COO Bryan vonHahmann is also pleased to see Larry having a good start. “We clearly saw that he had the talent for welding and he had a lot of enthusiam, so that was all good. When he toured the shop, he looked at the welding area and asked if we minded if he changed some things around for better organization. That was encouraging, because it meant he’s someone who takes pride in what they do and ownership of his work area.” Bryan’s also seen some of his work and says it looks fantastic. “He’s starting with some of the irrigation work, and then we’re going to pick up with some of the harvest equipment. We’re building two new blower tractors, which will require some new design work because they’re a different model.”

We’re looking forward to see what Larry does with them, and will be sure to keep you posted!

Equipment – Spring 2017

A coyple of weeks ago we outlined Pine Island’s spring targets. This week, we spoke with some members of the equipment team for a little more detail on their particular projects!

“We have the sand screener in this week for preventative maintenance,” says team member Coco Mercado. “We’re checking the bearings and greasing everything, putting in a new screen in because there were holes in the old one…we’re fixing anything major so in the field they don’t have problems with it.” This is important, because the sand we use for this project needs to be as pure as possible in order to prevent soil compaction (which can restrict water and limit growth) so we screen it before using it on the barge to take out any clay, stones, or other debris which could cause problems. “Since they got a little ahead with the screening, now’s the perfect time to bring it in,” Coco says. “If we work on it now, when they need it again they don’t have to wait, they can just get moving. We’re just waiting for a few parts to come in and it’ll be back out there!”

Other ongoing shop projects include a revamp of the debris trucks that we use in conjunction with our bog side cleaners.

“We had some issues during the last harvest season because the trucks were getting a little top heavy,” says team member Fred Henschel. “We’re going to knock a foot off to help with that. I’m cutting the original ones apart and making them more like the newer ones with the exposed sides and and painting them all to match. Very similar to the original trucks, but a foot shorter in hopes of them being easier to control; there was so much weight hanging off the back that it grew really difficult for the drivers to steer once the trucks filled up. We’re modifying a couple other little things such as changing the way doors are hinged so if something gets stuck, it’ll be easier to access. Whatever we can do to make it easier, better. And in addition to fixing the original four, we’re building three more brand new ones!”

The next phase in our automation program is also underway just in time for the upcoming frost season! Pump automation has been a boon to our operation. Field data is sent wirelessly to a master controller, which continuously communicates with the network of devices, sending commands to turn on engines and pumps when needed. It gives our team a lot more control: the computer actually handles a lot of the start-up and shut-down process, which is what usually takes up a big chunk of the time an operator is out there running water, either during frost or heat. It also helps us reduce our fuel cost and wear and tear on vehicles as well as protecting that most crucial resource for a cranberry operation: water!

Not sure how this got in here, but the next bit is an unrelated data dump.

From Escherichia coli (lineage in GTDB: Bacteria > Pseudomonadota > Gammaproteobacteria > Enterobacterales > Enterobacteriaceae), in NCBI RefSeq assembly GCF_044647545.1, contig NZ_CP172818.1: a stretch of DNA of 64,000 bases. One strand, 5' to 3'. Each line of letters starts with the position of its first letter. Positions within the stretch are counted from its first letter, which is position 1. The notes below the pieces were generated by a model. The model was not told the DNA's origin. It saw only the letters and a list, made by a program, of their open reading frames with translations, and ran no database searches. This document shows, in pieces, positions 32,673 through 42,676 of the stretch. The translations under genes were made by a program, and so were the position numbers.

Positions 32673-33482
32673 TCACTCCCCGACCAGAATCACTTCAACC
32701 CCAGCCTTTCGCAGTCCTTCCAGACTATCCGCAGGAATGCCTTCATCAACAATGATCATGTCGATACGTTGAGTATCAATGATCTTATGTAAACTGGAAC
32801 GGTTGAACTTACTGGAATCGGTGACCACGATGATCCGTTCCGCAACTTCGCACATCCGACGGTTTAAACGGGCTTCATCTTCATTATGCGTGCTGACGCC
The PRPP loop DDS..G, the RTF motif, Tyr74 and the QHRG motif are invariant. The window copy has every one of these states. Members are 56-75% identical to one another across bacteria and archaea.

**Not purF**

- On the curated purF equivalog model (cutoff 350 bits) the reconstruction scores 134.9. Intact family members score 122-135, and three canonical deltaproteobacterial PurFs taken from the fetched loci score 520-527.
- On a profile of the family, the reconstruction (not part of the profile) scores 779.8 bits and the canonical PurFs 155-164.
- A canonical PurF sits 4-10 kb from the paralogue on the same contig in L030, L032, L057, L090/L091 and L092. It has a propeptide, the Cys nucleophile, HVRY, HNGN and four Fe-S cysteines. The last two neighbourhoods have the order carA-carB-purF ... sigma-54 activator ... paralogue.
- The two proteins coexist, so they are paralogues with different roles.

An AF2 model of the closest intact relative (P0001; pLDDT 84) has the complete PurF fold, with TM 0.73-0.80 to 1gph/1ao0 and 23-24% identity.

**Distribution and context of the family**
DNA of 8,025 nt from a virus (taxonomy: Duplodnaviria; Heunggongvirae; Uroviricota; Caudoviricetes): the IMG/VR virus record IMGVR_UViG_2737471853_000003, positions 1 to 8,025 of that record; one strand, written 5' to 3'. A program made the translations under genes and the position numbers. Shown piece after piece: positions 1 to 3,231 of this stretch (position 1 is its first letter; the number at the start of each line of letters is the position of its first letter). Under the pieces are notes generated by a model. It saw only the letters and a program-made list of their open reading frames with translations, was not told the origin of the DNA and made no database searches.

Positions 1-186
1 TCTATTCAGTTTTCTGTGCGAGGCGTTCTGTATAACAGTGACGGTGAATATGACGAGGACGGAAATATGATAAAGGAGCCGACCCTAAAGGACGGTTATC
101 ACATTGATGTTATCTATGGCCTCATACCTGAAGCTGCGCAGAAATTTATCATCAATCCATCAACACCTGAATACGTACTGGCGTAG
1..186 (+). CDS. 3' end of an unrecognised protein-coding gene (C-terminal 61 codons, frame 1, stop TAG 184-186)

Vendors: Sweeney Construction

This week at Pine Island, it’s all business as usual: bloom is just about over and the bee boxes are being removed, we continue work on renovation, and of course, being July, it’s hot out there! So instead of an update on our sprinklers, we decided to bring you the first in an occasional series on some of our favorite vendors. And who better to kick this feature off than Sweeney Construction?

Sweeney Construction, started by Tom Sweeney in 1976, has been working with Pine Island for several years now. After forty years in the business, Tom has retired, and his son Mike is now in charge. “Our first project for Pine Island was the big camp, back when you guys were still in the blueberry business,” Mike says. “It worked out that it was completed right before it was time to use it! We’ve since done probably 12 to 15 different projects over here.” Among those projects: rebuilt three employee homes, renovations on the two camps on the main road, apartment renovations, built three garages, and of course, renovated our main office from a private home to to a building suitable for running a large cranberry operation. Most recently, Sweeney finished the roof on the office with an amazing turnaround time. “Not a lot of companies who can supply that manpower,” Mike says. “It’s been a good relationship for us over the years.” He has high praise for the team members he’s worked with, as well. “It’s been nothing but good interactions with Bill [Haines] and Bryan [vonHahmann],” he says. “And a lot of the jobs here are a little easier because Pine Island has so much of their own equipment. Excavation, septic systems…it helps a lot.” He especially singled out our facilities team (particularly Mike Guest and Louis Cantafio) as well as the precision work of Junior Colon on the excavator.

And Sweeney is also looking ahead! In addition to doing repair to work to a historic farmhouse in Eastampton, they’re working on energy-efficient housing. “Our latest project is with Unity Homes in New Hampshire,” Mike says. “It’s a net zero energy usage house: solar panels, post and beam constructions, exposed materials. It’s being built in-factory in New Hampshire and we’re assembling it down here after we finish the foundation work; we’re planning to set the panels in early August.”